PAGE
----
“The last three laps were amazing, especially the last two laps I was really enjoying. Even the last lap I was even getting some goose bumps, it was really so beautiful, all the people cheering you so loud. It was amazing.”
Van Kessel, who had hoped for a top-10 finish, said it was “amazing” to finish on the podium.
“Before the race I expected top 10, and all the race I did between six and eight, and in the last lap the group in front of me didn’t ride any more. I could close the gap to place two, I think,” he said. “Tom Meeusen gave a sign to me that when I close the gap I have to go directly, and I tried and only Kevin passed me the last half lap or something.
“Normally I’m not [good in the heat] but we could drink in the race, and every lap you could drink I did, and I take a bottle of water on me to cool me down. And if I didn’t do that, then it was too hot for me.”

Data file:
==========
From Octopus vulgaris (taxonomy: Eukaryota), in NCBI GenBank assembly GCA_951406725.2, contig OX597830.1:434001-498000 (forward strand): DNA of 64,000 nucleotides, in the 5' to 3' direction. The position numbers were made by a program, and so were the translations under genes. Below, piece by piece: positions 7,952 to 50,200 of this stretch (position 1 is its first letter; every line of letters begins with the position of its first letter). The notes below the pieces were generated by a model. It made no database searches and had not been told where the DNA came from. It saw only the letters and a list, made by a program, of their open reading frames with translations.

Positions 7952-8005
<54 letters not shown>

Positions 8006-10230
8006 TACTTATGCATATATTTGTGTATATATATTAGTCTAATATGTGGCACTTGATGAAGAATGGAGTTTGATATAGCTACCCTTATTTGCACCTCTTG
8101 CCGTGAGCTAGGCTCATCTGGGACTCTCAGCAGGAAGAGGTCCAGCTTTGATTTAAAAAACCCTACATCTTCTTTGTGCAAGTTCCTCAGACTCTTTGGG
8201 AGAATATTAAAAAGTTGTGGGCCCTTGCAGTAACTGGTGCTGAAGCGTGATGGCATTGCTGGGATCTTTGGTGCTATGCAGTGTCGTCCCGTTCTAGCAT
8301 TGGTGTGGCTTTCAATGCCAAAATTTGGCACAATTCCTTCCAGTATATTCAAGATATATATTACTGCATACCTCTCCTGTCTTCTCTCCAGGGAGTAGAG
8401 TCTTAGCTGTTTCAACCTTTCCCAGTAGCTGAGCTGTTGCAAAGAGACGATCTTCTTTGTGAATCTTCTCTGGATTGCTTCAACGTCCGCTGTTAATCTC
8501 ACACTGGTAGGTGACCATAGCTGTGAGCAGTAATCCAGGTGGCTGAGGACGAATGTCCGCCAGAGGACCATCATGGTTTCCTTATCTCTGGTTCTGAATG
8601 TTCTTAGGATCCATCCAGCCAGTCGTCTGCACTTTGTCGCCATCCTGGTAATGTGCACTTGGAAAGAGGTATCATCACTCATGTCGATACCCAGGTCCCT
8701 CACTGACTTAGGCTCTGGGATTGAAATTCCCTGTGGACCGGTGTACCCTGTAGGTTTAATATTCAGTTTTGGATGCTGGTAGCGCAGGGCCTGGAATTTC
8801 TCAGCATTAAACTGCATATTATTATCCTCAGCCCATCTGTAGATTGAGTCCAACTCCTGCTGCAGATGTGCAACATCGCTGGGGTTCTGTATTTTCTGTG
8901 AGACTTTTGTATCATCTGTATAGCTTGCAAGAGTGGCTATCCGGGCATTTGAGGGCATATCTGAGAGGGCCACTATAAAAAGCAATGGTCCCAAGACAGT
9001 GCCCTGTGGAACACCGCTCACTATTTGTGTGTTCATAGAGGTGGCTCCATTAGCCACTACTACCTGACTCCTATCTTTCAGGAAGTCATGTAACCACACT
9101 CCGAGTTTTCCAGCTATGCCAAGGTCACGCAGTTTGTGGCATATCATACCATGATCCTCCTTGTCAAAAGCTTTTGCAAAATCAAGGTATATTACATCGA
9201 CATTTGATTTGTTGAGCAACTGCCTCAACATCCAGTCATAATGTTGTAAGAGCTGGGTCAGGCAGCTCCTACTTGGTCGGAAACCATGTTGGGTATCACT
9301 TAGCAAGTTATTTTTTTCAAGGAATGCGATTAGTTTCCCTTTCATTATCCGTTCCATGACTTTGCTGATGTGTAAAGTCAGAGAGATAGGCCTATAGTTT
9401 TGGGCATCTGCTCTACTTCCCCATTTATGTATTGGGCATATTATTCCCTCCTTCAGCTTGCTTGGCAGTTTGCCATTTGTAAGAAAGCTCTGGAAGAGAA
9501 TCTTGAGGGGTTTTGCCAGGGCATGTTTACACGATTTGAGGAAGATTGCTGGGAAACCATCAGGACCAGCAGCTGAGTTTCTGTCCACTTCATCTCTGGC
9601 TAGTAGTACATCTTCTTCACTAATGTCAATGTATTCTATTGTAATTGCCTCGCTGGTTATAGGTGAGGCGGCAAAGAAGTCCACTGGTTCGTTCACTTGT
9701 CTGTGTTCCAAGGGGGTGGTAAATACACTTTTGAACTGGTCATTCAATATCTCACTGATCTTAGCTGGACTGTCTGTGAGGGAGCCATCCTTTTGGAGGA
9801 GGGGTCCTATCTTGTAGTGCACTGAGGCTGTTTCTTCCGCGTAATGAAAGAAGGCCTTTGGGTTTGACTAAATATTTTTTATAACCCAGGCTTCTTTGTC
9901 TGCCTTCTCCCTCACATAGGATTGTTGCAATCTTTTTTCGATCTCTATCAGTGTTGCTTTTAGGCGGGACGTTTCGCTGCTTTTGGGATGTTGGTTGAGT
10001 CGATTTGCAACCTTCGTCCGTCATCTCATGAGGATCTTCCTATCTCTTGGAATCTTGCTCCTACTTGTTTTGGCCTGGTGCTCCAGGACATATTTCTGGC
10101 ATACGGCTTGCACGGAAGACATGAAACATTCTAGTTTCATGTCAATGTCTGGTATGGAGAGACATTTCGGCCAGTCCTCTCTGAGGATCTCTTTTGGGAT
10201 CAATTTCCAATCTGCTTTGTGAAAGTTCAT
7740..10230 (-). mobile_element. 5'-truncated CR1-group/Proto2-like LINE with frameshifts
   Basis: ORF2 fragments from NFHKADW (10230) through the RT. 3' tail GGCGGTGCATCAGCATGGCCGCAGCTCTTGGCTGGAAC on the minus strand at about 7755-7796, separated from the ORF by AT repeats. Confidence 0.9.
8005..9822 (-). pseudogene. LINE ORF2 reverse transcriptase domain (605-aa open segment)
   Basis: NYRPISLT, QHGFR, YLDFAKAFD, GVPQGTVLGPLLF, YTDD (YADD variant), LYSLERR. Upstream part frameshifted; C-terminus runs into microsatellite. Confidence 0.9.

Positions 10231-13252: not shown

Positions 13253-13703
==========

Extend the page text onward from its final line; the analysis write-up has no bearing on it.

Powers pushes harder
The U.S. champion likewise had hoped for a top-10 finish, and he got one.
“It was good. It was hot for sure, but it was a good race for me,” said Powers. “I knew this was a good track and when it didn’t rain the last couple of days I thought, you know, it’ll be a little muddy, but generally speaking it’s going to be a good race for me. I’m in good form.
“It’s definitely eight more hard minutes than I’m used to, but I think that over here [in Europe] I can push harder because there’s more guys at the same level. It didn’t really affect me, I felt like maybe I was flat with three to go, I felt like I needed to take a break and I left off a little bit. But everyone seemed like they did.
“Generally, I’m happy with how it went because top 10 is what my goal was and I achieved that. It’s a great stone from here to step through. It’s a good place to start from with the beginning of the season with what I’m shooting for.”
The second round of the World Cup will be November 22 in Koksijde, Belgium.
Editor’s note: Dan Seaton contributed to this report.